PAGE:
To that end, Faurer focuses on back and leg stability and strength. “You need to get them comfortable with doing proper squats and staying low,” he says. “The ability to hold proper posture is essential for staying up and aligned on your skis or board, looking ahead to where you need to go.” He also incorporates regular rows for overall back strength and TRX training for a high level of stability.
Gonzalez recommends watching for clients with underdeveloped glute muscles (common in our sitting society), as this puts skiers at an increased risk for knee problems. “Having strong hip muscles is crucial for winter sports,” he says. “The gluteus medius plays a large role in preventing the knees from caving inward, which is especially dangerous during skiing. Strong backside musculature lets you move left and right effectively and provides a higher degree of athleticism.”
Tools for Snow Time
Preparing clients for ski season means getting them comfortable with being thrown off balance. Here are a few of our experts’ favorite tools for honing balance and stability.
- Bosu Pro Balance Trainer Use it for basic standing drills or have advanced clients perform plyometrics on it.
- Deluxe Wobble Board This multi-directional balance board offers advanced balance challenges and has attachment sites for resistance tubing, so you can add strength moves as clients progress
- TRX Pro Suspension Trainer This system provides the single-legged stability challenge clients need to be successful on those black diamonds.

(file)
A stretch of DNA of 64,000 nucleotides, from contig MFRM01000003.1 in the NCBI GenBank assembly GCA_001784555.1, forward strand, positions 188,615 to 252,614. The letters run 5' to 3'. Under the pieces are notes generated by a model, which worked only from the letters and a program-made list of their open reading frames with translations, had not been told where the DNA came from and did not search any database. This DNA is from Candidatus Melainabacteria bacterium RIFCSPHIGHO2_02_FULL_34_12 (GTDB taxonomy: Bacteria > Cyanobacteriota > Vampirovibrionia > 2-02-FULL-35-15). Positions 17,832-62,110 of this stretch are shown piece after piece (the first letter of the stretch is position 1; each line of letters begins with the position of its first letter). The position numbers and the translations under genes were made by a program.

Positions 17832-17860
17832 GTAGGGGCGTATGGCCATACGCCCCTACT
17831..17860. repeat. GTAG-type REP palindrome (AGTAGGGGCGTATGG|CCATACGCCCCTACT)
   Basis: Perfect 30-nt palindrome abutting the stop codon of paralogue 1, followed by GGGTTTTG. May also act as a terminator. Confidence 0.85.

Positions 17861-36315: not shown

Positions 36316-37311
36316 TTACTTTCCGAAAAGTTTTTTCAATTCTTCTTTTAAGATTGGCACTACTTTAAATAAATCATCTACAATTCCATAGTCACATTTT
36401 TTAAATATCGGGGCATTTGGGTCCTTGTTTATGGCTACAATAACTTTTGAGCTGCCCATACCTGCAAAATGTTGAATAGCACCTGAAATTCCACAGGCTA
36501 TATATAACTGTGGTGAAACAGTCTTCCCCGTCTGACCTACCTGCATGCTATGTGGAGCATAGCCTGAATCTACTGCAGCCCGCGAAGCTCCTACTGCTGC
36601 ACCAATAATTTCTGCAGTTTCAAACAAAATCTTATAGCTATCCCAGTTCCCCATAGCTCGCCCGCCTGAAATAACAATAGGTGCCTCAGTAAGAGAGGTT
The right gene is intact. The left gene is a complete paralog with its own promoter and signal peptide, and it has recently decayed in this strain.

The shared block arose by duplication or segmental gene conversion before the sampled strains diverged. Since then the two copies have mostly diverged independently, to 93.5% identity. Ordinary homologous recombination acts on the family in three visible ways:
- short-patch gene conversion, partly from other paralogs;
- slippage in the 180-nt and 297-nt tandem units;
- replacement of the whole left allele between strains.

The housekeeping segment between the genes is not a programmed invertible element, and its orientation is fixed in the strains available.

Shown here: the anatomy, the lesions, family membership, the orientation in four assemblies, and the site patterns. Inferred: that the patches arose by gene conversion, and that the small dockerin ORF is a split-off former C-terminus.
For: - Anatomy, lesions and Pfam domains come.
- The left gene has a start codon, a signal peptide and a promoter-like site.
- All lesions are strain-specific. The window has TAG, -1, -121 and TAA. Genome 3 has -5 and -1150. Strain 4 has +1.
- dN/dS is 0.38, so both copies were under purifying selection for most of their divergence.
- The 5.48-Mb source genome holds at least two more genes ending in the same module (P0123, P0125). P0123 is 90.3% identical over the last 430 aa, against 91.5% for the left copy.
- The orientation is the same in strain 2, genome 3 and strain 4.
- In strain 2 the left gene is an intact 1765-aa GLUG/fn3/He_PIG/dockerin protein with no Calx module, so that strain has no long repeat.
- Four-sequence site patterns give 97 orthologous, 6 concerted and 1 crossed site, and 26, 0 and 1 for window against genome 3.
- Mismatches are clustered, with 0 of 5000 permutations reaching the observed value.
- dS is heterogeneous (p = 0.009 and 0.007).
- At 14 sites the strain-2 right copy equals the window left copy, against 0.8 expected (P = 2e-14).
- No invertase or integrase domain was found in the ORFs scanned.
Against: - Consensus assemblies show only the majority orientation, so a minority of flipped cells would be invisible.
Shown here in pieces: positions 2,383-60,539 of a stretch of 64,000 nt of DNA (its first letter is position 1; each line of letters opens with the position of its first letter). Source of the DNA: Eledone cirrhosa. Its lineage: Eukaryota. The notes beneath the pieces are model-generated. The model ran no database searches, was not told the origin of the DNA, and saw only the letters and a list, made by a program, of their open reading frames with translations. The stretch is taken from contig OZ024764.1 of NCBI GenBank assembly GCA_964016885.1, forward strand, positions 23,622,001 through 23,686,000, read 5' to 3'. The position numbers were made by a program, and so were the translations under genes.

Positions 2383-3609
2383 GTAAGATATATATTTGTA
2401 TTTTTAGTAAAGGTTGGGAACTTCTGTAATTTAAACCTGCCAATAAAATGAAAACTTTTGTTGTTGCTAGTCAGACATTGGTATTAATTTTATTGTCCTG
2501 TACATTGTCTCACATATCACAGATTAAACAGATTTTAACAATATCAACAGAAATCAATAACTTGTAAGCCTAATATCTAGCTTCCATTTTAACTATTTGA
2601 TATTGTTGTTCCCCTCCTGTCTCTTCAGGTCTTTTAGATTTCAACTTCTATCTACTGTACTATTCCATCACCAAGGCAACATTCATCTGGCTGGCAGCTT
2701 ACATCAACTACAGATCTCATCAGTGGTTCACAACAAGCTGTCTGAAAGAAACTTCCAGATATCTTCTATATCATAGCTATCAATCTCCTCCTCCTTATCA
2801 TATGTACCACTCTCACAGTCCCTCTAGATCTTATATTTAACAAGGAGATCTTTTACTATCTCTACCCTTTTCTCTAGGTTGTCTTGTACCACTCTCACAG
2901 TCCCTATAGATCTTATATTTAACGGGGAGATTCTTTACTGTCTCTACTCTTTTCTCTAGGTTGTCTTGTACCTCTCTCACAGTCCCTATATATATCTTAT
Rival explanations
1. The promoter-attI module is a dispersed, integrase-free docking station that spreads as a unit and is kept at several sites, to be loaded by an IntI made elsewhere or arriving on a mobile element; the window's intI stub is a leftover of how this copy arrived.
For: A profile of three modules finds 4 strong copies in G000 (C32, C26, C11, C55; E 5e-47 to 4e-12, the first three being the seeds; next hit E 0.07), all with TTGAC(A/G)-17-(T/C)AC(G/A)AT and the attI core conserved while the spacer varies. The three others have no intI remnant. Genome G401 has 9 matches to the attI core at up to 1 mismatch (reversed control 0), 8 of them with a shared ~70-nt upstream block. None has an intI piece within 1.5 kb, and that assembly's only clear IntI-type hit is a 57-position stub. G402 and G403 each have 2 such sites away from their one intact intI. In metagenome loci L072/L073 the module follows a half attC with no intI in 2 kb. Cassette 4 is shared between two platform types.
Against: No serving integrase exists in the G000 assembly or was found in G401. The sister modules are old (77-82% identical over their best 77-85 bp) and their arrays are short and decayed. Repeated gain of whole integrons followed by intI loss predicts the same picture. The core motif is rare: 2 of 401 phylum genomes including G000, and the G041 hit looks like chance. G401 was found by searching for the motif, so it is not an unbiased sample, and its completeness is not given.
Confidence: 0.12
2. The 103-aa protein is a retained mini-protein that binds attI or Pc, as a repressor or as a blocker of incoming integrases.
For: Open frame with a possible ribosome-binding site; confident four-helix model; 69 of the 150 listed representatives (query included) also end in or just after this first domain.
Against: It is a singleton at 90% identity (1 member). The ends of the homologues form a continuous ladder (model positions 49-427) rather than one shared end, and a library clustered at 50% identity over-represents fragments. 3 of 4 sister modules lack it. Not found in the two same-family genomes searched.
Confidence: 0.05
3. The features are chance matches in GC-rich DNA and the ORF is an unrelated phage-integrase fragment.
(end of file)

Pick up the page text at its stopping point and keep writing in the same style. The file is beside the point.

Meet Our Experts
Josh Gonzalez, NASM-CPT, CES, MMACS, operates Athletic Performance of Texas. He’s also a certified speed and agility coach.
Patrick Faurer, MS, NASM-CPT, is a certified skiing and snowboarding instructor who teaches an indoor cycling and Pilates class to prepare clients for ski season.
Alexis Kenyon, MHS, NASM-CPT, PSIA Level I, is a wellness coach and personal trainer at Treasure Valley Family YMCA in Boise, Idaho.
Boost Your Skills: NASM Certified Personal Trainer
NASM’s Optimum Performance Training™ (OPT™) model really shines with winter-sport athletes, says Josh Gonzalez, NASM-CPT, CES, MMACS. “It is the most comprehensive and easy-to-follow program to properly train someone for skiing and snowboarding readiness.”
All NASM Certified Personal Trainers (NASM-CPTs) are experts at the OPT model and its focus on flexibility, cardio, core, balance, power, and strength. As an NASM-CPT, you have the ability to get your clients functionally fit—and build a rewarding career at the same time!
By Selene Yeager